Soleri, Paolo, 1919–2013, Italian-American architect. He studied architecture in his native Turin (Ph.D., 1946). Soleri's works have been influenced by both Frank Lloyd Wright, with whom he apprenticed in the 1940s, and Antonio Gaudí. He developed an architecture that expresses a functional and organic way of life. Soleri produced extraordinary designs for vast, environmentally sensitive, compact, high-density, and self-sufficient communities. These spaces, which he termed arcologies (architecture mixed with ecology), are proposed alternatives and responses to overpopulation and urban sprawl and decay. Soleri and his students and assistants began building an arcology, called Arcosanti, in the desert north of Phoenix, Ariz. in the late l960s. It was conceived as a prototype to show how cities might be updated, minimizing energy and transportation use while promoting human interaction. The community continues to operate and expand, and is visited by thousands of tourists each year. Soleri was the author of Arcology: The City in the Image of Man (1969), Arcosanti: An Urban Laboratory? (1987), and other books.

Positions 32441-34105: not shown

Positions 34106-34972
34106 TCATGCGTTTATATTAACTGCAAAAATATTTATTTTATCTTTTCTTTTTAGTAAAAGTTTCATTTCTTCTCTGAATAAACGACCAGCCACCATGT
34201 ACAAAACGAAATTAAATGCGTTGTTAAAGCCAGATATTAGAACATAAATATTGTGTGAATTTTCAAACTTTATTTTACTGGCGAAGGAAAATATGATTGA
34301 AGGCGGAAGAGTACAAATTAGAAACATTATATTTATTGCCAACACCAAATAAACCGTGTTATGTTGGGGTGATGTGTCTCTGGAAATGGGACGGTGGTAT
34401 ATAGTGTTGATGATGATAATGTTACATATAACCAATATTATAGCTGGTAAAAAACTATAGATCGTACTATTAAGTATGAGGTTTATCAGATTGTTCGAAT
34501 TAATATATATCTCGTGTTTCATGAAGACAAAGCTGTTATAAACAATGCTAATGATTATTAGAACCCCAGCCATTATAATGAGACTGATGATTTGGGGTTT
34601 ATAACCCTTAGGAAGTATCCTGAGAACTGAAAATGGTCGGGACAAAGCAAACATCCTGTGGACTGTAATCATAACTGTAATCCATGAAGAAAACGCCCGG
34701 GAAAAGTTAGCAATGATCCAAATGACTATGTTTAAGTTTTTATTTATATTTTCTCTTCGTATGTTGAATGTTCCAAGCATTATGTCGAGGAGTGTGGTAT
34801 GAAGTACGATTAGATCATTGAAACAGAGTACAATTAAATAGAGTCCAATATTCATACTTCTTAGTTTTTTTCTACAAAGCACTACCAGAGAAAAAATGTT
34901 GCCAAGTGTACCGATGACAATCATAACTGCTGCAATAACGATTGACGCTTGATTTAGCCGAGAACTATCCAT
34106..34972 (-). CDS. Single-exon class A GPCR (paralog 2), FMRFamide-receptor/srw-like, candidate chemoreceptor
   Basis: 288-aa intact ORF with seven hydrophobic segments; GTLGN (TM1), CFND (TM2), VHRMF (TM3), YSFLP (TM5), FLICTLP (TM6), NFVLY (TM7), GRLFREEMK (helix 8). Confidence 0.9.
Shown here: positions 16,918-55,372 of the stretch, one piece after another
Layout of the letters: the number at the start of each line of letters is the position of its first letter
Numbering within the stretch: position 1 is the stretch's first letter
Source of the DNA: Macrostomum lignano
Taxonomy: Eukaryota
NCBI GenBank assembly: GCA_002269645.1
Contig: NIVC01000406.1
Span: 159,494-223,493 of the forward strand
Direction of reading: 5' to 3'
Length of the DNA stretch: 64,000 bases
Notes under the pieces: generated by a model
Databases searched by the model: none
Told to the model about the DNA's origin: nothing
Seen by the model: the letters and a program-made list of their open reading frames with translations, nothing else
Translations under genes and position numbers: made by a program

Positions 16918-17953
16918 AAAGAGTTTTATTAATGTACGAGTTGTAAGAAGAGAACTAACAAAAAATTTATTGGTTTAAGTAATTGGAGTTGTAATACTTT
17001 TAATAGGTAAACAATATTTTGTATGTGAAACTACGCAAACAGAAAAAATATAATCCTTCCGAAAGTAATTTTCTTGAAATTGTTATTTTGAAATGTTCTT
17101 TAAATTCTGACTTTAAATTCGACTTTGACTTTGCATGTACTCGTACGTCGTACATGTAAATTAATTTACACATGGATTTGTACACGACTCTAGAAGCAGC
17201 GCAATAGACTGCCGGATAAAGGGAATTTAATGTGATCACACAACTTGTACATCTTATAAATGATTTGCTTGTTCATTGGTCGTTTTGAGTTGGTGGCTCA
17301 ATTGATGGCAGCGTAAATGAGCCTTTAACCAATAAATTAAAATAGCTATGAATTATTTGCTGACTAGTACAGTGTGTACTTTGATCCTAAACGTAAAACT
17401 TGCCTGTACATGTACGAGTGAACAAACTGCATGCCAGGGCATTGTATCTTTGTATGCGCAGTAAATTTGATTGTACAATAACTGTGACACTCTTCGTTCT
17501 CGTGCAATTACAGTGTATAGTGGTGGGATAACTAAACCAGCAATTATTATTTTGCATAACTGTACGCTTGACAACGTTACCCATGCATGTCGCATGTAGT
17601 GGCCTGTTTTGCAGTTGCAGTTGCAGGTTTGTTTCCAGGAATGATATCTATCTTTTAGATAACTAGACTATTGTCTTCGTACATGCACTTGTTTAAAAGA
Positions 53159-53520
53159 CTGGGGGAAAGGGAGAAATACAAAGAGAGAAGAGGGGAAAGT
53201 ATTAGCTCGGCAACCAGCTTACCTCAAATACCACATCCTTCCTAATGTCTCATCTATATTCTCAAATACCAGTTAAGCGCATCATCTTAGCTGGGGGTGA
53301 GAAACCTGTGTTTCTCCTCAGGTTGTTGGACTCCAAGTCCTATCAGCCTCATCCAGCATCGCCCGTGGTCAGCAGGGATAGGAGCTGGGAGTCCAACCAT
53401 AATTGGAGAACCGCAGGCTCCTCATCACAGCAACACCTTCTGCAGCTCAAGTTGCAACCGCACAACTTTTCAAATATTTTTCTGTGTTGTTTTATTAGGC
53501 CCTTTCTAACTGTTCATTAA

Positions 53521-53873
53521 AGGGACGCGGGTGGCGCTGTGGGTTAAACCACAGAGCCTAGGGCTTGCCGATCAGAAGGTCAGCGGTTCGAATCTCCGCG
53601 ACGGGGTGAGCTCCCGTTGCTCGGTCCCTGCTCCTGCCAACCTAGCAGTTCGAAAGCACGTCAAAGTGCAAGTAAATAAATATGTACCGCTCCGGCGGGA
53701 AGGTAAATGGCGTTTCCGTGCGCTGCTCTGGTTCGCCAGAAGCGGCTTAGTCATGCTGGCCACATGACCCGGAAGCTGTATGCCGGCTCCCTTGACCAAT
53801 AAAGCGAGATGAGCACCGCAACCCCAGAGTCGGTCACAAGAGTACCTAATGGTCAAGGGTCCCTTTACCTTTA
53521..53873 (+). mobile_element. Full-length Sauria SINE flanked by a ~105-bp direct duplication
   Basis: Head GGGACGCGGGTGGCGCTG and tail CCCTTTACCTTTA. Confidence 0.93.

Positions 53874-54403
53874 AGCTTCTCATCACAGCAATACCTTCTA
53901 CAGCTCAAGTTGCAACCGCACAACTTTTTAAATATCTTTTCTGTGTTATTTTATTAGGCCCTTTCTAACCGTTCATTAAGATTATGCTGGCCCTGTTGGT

See his Sketchbooks (1971); J. Strohmeier, ed., The Urban Ideal: Conversations with Paolo Soleri (2000) and L. McCullough, ed., Conversations with Paolo Soleri (2012); D. Wall, Visionary Cities: The Arcology of Paolo Soleri (1970); A. I. Lima, Paolo Soleri: Architecture as Human Ecology (2000, tr. 2003).
The Columbia Electronic Encyclopedia, 6th ed. Copyright © 2012, Columbia University Press. All rights reserved.
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